The Disappeared in my viewfinder

Andrew Higgott and Timothy Wray. Camera Constructs: Photography, Architecture and the Modern City. London Ashgate 2012

Nicholas Mirzoeff. The Right to Look: A Counterhistory of Visuality. Chapel Hill NC Duke University Press 2012

Jenny Edkins. Missing : Persons and Politics. Ithaca NY: Cornell Univeristy Press 2011

Andrew Higgott and Timothy Wray, in their edited collection of essays on photography and architecture notes that In Towards a Philosophy of Photography, Vilem Flusser (review in progress) argues that humankind has been fundamentally altered by the advent of photography:

‘man forgets that he produces images in order to find his way in the world; he now tries to find his way in images.’ (Flusser p.7) Everything in the world now desires to be recorded, ‘to flow into this eternal memory, and to become eternally reproducible there. The result is that every event or action loses its proper historical character; tending to becomea magic ritual, an eternally repeated motion.’ (Flusser p.18) Photography and the modes of discourse that it institutes pervade contemporary architectural practice. At its most profound, the conception and practice of architecture has been fundamentally altered by the mode of seeing instituted by the camera. At its most superficial, much contemporary architecture can be seen to be conceived of, designed and then evaluated almost solely in terms of photographic imagery, whereby through digital imaging, buildings are designed around photo-realistic simulations of how they will eventually be made to appear in almost identical photographs.’ (p.3)

Nicholas Mirzoeff, in The Right to Look develops a comparative critical (“decolonial”) framework for visual culture studies, a field that he helped to create. As many others such as Jonathan Crary have argued, visuality as a surveillant, controlling gaze, has been central to the legitimization of Western hegemony. Mirzoeff identifies three “complexes of visuality”: plantation slavery, imperialism, and the present-day military-industrial complex. He shows how, within each, power is made to seem self-evident and natural through visual techniques that underpin classification, separation, and aestheticization. At the same time, he shows how each complex of visuality has been countered —by the enslaved, the colonized, and opponents of war, all of whom assert autonomy from authority by claiming the right to look.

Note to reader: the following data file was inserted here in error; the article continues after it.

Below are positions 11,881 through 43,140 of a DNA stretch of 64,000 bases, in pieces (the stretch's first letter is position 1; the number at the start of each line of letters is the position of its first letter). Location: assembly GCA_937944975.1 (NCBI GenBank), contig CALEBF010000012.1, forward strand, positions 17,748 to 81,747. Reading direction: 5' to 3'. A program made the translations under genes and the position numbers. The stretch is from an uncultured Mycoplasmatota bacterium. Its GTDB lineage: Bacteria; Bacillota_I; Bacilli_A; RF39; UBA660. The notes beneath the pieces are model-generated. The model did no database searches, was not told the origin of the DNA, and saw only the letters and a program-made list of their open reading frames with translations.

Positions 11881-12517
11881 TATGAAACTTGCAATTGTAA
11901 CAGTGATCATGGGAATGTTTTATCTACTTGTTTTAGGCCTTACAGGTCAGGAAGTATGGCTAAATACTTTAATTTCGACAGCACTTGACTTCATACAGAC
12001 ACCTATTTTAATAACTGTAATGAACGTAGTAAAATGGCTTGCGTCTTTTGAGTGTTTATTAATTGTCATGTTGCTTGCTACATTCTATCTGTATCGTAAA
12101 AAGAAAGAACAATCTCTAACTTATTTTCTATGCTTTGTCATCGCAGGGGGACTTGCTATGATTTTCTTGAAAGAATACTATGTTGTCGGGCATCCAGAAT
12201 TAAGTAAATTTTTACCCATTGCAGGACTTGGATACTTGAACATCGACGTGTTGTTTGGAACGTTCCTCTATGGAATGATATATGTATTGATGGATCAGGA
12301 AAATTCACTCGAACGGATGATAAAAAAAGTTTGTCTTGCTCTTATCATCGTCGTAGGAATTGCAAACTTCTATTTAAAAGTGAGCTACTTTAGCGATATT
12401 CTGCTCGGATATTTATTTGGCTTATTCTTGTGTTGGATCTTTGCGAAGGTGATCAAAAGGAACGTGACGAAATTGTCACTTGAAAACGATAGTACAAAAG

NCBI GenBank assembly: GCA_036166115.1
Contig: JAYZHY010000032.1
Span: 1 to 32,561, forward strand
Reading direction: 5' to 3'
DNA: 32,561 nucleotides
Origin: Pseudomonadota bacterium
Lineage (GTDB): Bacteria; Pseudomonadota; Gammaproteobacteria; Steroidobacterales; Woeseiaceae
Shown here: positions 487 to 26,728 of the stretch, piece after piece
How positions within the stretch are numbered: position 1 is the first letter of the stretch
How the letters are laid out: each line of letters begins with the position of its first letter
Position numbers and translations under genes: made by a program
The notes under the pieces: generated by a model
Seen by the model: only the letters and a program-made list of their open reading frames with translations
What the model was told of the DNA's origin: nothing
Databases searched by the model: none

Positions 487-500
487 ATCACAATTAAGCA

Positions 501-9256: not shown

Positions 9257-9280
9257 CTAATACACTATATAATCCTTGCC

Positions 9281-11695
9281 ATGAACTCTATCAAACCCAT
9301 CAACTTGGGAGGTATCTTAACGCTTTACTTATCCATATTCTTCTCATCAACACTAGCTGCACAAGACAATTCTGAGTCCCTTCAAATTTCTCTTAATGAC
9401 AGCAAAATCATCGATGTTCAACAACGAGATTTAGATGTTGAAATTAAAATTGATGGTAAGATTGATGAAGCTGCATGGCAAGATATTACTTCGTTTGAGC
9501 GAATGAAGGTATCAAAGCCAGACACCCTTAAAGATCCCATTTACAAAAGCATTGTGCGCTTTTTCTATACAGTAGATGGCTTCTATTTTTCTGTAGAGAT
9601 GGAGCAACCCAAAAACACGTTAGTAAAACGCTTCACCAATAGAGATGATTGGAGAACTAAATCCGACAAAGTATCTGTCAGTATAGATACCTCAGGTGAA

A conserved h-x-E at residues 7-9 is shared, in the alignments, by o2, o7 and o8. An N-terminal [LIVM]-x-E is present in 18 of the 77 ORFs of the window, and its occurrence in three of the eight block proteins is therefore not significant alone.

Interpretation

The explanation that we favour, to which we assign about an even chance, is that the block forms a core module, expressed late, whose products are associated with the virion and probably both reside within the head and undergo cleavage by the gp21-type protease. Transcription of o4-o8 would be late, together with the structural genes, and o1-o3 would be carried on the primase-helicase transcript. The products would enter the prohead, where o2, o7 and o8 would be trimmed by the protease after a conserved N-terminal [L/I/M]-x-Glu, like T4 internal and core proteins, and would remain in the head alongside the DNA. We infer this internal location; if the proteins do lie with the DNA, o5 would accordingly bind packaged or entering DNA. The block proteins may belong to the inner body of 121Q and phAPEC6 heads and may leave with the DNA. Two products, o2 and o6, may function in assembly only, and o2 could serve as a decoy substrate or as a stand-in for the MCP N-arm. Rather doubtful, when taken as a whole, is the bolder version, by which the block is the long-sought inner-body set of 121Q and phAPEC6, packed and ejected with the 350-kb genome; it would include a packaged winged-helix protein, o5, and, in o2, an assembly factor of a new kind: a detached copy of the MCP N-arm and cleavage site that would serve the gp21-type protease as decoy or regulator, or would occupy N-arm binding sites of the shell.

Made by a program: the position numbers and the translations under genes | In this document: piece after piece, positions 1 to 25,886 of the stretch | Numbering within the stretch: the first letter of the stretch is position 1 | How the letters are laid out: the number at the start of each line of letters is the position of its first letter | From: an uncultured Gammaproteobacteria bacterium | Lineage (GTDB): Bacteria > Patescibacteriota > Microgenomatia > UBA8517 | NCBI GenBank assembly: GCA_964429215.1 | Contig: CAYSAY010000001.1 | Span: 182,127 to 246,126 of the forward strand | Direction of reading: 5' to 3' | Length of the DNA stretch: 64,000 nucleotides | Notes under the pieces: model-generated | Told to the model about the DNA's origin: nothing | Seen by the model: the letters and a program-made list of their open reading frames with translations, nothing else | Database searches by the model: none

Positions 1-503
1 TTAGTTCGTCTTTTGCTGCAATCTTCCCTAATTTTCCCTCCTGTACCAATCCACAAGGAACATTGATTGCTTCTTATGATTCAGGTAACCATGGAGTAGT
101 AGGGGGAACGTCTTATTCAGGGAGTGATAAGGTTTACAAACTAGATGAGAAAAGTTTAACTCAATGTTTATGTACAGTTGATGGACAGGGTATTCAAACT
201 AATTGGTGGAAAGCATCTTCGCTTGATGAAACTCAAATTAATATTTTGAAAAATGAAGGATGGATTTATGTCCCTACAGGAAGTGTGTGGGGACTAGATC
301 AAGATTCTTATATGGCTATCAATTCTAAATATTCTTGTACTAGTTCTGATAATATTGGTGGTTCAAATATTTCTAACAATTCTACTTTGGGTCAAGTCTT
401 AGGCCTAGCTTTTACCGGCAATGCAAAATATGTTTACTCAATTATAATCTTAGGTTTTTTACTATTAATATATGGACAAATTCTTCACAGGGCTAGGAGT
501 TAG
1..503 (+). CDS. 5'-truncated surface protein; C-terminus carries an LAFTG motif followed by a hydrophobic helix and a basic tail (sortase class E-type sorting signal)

All of these authors emphasize that visual experience is a matter of ethics and politics. This has become even clearer in the context of drone warfare, cyberbullying and the visual worlds of Instagram, Flickr and Facebook posts. It is less clear how the oppressed and colonized achieve countervailing effects against the colonial, surveillant, dominating gaze. While oppressor and oppressed might meet, eye-to-eye, other technologies supported the dominant gaze, such as representation through mapping, photography and plans, or spatializations that dispersed the suppressed Others by spreading them out or shipping them into Gulags and hidden concentration camps.

The paradox identified by Fanon in Black Skin White Masks is that dominant modes of looking come to be adopted by the colonized. This alienation from ones own sensorium is an embodied false consciousness, a false “face” for Fanon and a fake body, describes the condition of being colonized.

The alter- to this book on cases of dominant lookers (conquerers, prison guards, overseers…) are not only the women, proletarians and conquered who stage general strikes or events to attract media attention and thus regain visibility. They are also the “disappeared”, the invisible and those sent off-stage.

This is precisely the focus of Jenny Edkin’s Missing picks up to point us to the ineluctable quality of the person. The colonized are doubly ineffable, both present as bodies but absent in the sense of their subjectivity being not only invisible but unrecognizable and unpronounceable to the dominant order.

A Namibian friend once told me how he had narrowly escaped being arrested and likely shot as he crossed an airport frontier. A guard so poorly mis-pronounced his non-white name he genuinely did not recognize himself in the vocables and passed through the net only to later realize he was the intended victim.

Edkins identifies the possibility of a politics of those who are displaced, go missing, or are disappeared which offers a counterpower based on such absences and ungraspability.  This goes some way to including the invisible in visual culture, as I have called for in a study of all forms of making-visible: visualicity. A politics of the person-as-such is always a politics that i

‘open to the way in which in some sense we are all “missing persons.” The person-as-such can never be fully known, completely specified, or tied down… in the stories….of those who went missing …or who were abducted as childre, and those who tried to trace them years afterward, there is always something imponderable, some lack or gap in our grasp’ (197)

A lack despite the photographs of the disappeared, another strategy for reaching again for visibility and presence, folding the moment of the snapshot into the time-space of the present.

Rob Shields, University of Alberta